A highlight was the traditional lovo feast, where we had a spectacular whole Spanish mackerel cooked in coconut and banana leaves, accompanied by traditional taro and cassava and followed by dancing and a kava ceremony.
The resort appears to hum along effortlessly, but pull back the curtain and it’s clear it’s a huge effort to create this kind of laid-back luxury experience. There’s a generator, a desalination plant to ensure fresh water, and then there’s the gourmet produce which has to be sourced and shipped in from afar. Staff live on site for 10 days at a time, many leaving families behind on the mainland, and then return home for a break.
The resort is vulnerable to the forces of nature and was one of the worst-hit areas during last year’s Cyclone Winston. Everything was razed, including much of the vegetation, and had to be rebuilt and regrown.
The pool keeps little ones happy for hours. Photo: Supplied
It’s also located along the Ring of Fire – while we were on a snorkelling trip one morning we were called back to the boat because there’d been an earthquake 200 kilometres away and a tsunami warning (which turned out to be uneventful, thankfully) had been issued.
For all these reasons, a stay at Vomo is not cheap – but then again, neither is paradise. Where Vomo seems to really excel is in meeting everyone’s diverse needs: it welcomes extended family groups and simultaneously caters for couples and single. The small-scale of the resort always makes it feel like an intimate experience.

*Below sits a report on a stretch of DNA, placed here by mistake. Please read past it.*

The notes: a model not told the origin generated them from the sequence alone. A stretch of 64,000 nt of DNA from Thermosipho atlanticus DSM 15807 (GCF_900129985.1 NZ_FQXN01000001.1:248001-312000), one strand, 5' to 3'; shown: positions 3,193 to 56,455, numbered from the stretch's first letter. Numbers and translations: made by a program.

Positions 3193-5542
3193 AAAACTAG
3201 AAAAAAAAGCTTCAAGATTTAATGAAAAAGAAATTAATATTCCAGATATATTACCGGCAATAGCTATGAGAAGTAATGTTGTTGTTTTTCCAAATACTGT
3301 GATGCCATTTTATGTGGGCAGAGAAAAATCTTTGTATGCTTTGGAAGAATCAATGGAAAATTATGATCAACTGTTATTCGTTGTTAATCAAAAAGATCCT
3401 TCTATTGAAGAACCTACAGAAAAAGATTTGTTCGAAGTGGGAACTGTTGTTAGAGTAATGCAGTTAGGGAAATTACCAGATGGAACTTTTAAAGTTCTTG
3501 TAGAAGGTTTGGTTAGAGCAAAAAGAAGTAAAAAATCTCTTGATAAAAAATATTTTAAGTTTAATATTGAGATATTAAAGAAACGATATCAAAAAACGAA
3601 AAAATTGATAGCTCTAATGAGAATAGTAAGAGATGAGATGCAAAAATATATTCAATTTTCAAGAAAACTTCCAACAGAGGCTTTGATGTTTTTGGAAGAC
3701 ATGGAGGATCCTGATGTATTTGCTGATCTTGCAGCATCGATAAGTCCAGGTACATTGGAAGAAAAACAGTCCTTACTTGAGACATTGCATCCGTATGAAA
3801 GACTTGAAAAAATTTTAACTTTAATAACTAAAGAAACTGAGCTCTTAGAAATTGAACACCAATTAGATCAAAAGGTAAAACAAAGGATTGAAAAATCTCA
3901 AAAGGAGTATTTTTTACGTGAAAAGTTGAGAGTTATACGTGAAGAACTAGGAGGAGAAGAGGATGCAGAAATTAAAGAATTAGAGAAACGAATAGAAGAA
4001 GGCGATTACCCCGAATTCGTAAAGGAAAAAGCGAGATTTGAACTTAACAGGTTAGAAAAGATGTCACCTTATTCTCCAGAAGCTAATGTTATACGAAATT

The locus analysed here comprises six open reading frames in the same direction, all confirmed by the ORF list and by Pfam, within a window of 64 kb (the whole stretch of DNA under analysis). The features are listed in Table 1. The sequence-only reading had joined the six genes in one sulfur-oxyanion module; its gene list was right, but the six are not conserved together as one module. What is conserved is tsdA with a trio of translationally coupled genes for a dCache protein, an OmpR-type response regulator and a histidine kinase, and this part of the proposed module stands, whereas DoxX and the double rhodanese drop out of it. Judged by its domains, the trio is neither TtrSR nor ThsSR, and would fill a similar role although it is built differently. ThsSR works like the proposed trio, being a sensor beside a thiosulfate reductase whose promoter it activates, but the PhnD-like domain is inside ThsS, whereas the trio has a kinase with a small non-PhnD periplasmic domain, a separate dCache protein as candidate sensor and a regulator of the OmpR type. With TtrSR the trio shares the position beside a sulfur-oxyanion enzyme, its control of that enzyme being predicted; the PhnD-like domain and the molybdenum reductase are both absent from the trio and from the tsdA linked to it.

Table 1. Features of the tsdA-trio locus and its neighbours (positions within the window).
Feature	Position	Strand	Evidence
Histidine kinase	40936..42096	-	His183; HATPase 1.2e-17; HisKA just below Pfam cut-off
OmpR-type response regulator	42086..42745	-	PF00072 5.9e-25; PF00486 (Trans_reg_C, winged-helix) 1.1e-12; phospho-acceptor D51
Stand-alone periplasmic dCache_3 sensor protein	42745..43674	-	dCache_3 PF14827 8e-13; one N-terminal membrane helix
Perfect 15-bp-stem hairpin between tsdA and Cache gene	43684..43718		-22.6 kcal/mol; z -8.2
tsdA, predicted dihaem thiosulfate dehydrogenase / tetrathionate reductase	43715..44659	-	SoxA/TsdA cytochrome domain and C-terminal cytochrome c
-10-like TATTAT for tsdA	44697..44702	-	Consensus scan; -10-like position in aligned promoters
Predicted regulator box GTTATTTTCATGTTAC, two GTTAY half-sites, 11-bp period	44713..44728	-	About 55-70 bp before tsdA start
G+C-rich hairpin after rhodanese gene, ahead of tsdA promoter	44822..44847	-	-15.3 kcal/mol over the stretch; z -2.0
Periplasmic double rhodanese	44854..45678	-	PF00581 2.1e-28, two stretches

For our family, the pool and the kids’ village kept the little ones happy, while we loved spending the morning snorkelling on whichever side of the island was most calm. While paddleboarding one afternoon, we watched fish dart beneath us.
In the evening, minus the kids, we would wander over to the adults-only Rocks bar at the tip of the island, with its dramatic view of the smaller islet of Vomo Lailai, for a cocktail.
The service on the island is excellent and discretion is the byword – there was a television personality and a sporting legend enjoying family holidays when we stayed, and nobody batted an eyelid.
Rocks bar and eatery at the tip of the island. Photo: Supplied
We talked to people who were on their second or third trip to Vomo, greeting staff warmly by name. I was not surprised to learn later that a high percentage of guests are repeat visitors. Our days at Vomo were languid and peaceful, “trapped in the amber of this moment”, as Kurt Vonnegut wrote. We’d go back in a heartbeat.
When to go: The May to October dry season is a favourite time to visit as it provides an escape from the southern hemisphere’s winter. However, the rest of the year is still pleasantly warm and often fine. Just be prepared for the occasional tropical storm.
What to do: Get up early and do the Mt Vomo Sunrise Charity Run for heart-stopping island views and to raise money for Cure Kids.
More information: Go to vomofiji.com; Tourism Fiji, fiji.travel.
The writer was a guest of Vomo Island Resort